Three Chlengguu rose from a table groaning under the weight of food, drink, maps, and assorted alien accouterments whose functions the provincial Ehomba did not recognize. One of them was female, though the extraordinary lankiness of the Chlengguu form made it difficult to sex them at first glance. Spidery fingers resting on all but nonexistent hips, the nearest of the trio cocked his head sideways to peer up into Ehomba’s face. The sharply angled eyes were unsettling. The herdsman had encountered eyes vertical and eyes horizontal, eyes round and eyes oval, but never before had he gazed back into angular oculi that were anything like those of the Chlengguu.

“Sirash coza mehroosh?”

Ehomba kept his face blank. “I do not understand you.”

The Chlengguu noble tested the same phrase on the silent Simna, who to his credit had sense enough to keep his extensive farrago of ready retorts locked away in a corner of his brain where they would, hopefully for the duration of the foreseeable future, not get him killed.

Retracing his steps to confront the much taller herdsman the noble asked, in the common voice of men, “Who are you and where do you come from?” His voice was as soft and prickly as hot grease. Gesturing at Simna, he added, “This one could be Queppa, but you—you are different. You have the look about you of someplace else.”

“We are both from the south,” Ehomba replied. “As is our pet.” Behind him he thought he heard the litah stir, but he did not turn to look. From the noble’s manner he surmised that turning away from him while he was engaged in his interrogation might be construed as an unforgivable insult. Judging from their extravagant surroundings and the carriage and posture of their interrogators, he and his companions would have to be careful not to give even the slightest offense.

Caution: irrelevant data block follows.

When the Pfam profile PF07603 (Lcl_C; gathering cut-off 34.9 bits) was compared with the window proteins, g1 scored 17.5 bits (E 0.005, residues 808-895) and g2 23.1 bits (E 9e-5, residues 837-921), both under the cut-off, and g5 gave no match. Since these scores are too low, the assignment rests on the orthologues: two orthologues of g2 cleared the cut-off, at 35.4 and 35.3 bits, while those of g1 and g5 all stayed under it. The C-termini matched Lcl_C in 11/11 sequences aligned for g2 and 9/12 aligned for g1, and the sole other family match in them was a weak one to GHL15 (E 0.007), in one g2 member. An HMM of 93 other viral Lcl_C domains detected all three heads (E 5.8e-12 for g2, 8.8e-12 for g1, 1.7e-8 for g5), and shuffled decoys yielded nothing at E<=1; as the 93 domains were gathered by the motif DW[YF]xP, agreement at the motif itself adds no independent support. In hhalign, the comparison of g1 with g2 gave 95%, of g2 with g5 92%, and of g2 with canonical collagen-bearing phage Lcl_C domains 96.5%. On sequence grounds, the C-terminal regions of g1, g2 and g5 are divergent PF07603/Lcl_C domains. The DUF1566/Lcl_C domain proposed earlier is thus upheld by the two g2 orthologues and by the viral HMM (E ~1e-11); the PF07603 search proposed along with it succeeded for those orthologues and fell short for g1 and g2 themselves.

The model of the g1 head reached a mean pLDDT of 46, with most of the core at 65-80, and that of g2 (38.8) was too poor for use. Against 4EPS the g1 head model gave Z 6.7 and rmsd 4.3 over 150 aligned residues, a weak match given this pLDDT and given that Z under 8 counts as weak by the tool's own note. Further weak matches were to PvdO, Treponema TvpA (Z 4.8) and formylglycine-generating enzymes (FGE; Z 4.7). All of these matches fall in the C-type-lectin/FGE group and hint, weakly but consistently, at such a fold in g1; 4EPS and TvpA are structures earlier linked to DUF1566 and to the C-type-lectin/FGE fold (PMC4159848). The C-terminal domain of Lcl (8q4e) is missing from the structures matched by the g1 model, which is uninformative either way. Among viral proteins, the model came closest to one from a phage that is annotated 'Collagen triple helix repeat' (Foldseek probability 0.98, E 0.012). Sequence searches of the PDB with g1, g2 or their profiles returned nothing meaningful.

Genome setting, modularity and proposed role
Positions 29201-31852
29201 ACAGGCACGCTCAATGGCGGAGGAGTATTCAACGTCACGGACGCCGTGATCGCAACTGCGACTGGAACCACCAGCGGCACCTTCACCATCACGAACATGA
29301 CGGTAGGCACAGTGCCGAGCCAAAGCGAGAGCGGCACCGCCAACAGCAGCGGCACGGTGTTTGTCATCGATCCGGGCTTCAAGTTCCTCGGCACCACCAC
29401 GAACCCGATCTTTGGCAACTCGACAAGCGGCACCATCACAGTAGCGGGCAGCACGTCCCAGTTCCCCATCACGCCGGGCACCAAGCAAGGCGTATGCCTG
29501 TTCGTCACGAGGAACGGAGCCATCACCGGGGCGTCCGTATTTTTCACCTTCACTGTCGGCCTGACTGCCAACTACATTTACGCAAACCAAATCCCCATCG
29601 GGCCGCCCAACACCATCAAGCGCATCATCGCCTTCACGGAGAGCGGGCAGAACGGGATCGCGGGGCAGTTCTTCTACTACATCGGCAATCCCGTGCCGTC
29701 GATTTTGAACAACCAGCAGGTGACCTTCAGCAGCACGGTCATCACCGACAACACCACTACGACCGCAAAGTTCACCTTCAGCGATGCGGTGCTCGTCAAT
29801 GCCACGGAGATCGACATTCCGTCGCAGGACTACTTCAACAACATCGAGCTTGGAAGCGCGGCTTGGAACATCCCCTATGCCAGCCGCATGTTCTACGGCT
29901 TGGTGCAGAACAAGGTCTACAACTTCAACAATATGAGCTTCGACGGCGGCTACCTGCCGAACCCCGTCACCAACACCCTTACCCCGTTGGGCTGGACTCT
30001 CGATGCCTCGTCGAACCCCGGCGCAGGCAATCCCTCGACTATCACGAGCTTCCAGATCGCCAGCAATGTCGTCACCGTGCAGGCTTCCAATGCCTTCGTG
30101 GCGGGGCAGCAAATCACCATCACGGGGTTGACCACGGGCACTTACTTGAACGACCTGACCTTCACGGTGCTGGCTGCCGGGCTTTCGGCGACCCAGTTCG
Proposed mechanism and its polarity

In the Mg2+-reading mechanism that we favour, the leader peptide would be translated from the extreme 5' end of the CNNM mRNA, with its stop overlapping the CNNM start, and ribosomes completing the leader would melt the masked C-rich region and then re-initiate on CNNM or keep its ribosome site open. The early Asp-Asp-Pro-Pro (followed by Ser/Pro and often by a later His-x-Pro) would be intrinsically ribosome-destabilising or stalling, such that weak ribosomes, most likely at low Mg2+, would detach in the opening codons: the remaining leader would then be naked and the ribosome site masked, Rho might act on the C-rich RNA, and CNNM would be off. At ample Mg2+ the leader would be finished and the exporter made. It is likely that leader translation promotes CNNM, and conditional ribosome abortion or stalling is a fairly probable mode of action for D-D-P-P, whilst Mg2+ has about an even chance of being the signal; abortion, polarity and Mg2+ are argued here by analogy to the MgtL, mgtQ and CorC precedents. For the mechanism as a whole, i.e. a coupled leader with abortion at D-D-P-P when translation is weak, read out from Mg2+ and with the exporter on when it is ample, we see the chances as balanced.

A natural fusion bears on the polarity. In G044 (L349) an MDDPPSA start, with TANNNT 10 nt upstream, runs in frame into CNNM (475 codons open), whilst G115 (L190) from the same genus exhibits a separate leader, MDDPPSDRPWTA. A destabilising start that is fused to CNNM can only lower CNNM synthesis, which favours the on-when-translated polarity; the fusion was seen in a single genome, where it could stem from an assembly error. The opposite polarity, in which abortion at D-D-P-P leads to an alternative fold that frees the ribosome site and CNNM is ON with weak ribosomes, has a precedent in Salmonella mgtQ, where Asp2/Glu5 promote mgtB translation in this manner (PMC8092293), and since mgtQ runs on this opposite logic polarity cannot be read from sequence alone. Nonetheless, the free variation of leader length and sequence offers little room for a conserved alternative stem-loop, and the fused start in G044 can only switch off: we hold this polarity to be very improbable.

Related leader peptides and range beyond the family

“The south.” Daintily, the noble tapped the tip of a painted fingernail against one excessively long canine. “Why should I believe you?”

“Why should we lie?” Ehomba imperceptibly shifted his weight from one foot to the other, an instinctive herdsman’s adjustment. “The Queppa hate the south. Who of them would claim to come from where you are driving them?”

The corners of the nobleman’s tiny mouth twitched slightly upwards. “If you are not Queppa, how do you know what they hate or where we are driving them?”

“They told us.” Ehomba chanced a nod in the direction of his homeland. “Coming up from the south, we had to pass through them to get here.”

“You had to pass through more than the stupid Queppa to get here.” The female fairly spat the accusation. “The only way from south to north is over the Wall. That is not possible.”

“We did not go over the Wall,” Ehomba corrected her. “We came under it.”

This claim set the quartet of oldsters to arguing agitatedly over their table. It also prompted the third member of the interrogating trio to speak up. “No one is half-witted enough to try digging under the Wall.”

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Categories: Alan Dean Foster